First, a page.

Fiscal, monetary policies in line with required economic reforms: Asad Umar

Need to become a domestic-resourced mobilised, productivity-led and export-oriented economy, says finance minister

News Desk December 12, 2018
Finance Minister Asad Umar addresses the Karachi Stock Exchange Oct 20 2018. Photo:AFP

Finance Minister Asad Umar said that Pakistan's fiscal and monetary policies are in line with the economic reforms that are required to take the country out of its current economic predicament and are not related to the International Monetary Fund's (IMF) "dictation".

"We don't need the International Monetary Fund's dictation, because these reforms are necessary," the finance minister stated.

Speaking on BBC's current affairs TV show Hard talk – to be aired early Thursday morning – Umar said that, "the government has not waited for IMF sanctions and conditions to do what we think is required for the economy".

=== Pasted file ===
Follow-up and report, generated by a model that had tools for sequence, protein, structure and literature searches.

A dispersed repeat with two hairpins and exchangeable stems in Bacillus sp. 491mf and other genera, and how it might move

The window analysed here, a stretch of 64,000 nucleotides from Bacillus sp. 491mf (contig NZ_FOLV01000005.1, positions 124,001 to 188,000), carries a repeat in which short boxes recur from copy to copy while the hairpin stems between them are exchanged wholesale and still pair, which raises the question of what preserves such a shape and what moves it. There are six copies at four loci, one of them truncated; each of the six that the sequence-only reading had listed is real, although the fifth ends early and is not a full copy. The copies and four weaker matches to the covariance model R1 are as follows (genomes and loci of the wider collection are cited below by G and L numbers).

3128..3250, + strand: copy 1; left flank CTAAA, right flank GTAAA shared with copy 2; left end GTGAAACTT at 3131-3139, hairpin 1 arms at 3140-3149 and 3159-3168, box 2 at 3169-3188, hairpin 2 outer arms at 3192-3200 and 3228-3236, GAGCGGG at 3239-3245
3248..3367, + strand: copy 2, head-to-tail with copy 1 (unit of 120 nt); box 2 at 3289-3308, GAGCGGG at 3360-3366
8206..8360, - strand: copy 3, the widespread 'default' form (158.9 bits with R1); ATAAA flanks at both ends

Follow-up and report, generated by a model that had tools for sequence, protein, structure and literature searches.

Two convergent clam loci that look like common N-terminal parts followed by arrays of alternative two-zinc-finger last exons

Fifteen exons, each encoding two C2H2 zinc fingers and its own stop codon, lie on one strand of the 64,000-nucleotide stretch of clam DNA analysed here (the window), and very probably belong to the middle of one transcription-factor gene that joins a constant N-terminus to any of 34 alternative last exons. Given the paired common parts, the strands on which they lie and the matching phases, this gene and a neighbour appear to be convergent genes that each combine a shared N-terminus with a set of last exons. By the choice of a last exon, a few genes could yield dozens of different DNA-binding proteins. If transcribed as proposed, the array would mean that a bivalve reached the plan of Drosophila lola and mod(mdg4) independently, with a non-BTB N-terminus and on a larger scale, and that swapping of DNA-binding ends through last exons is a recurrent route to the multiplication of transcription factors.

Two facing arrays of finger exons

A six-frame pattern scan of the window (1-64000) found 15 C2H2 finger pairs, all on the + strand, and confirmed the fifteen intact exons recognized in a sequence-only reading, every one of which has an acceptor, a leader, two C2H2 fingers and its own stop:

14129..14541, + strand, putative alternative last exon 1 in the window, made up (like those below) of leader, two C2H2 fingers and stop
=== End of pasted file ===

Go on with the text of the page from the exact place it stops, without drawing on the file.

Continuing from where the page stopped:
Negotiations with IMF

"The PTI government has increased gas prices within its first 100 days, increased electricity prices, increased taxes in the supplementary budget, policy rate was increased by the State Bank of Pakistan (SBP) and the rupee has been devalued and the currency has been adjusted as well."

Elaborating on the government's ongoing negotiation with the IMF, Umar reiterated that there is no difference between the IMF and the government on "what needs to be done, however the difference lies in the path of reform".

He further said that the pace and sequence of reforms are currently under discussion with the international monetary body.

Responding to questions on Prime Minister Imran Khan's U-Turn regarding acquiring financial assistance and bailout from friendly countries and possibly the IMF, Umar said that he had stated earlier that Pakistan needed financial assistance to overcome the current economic crisis.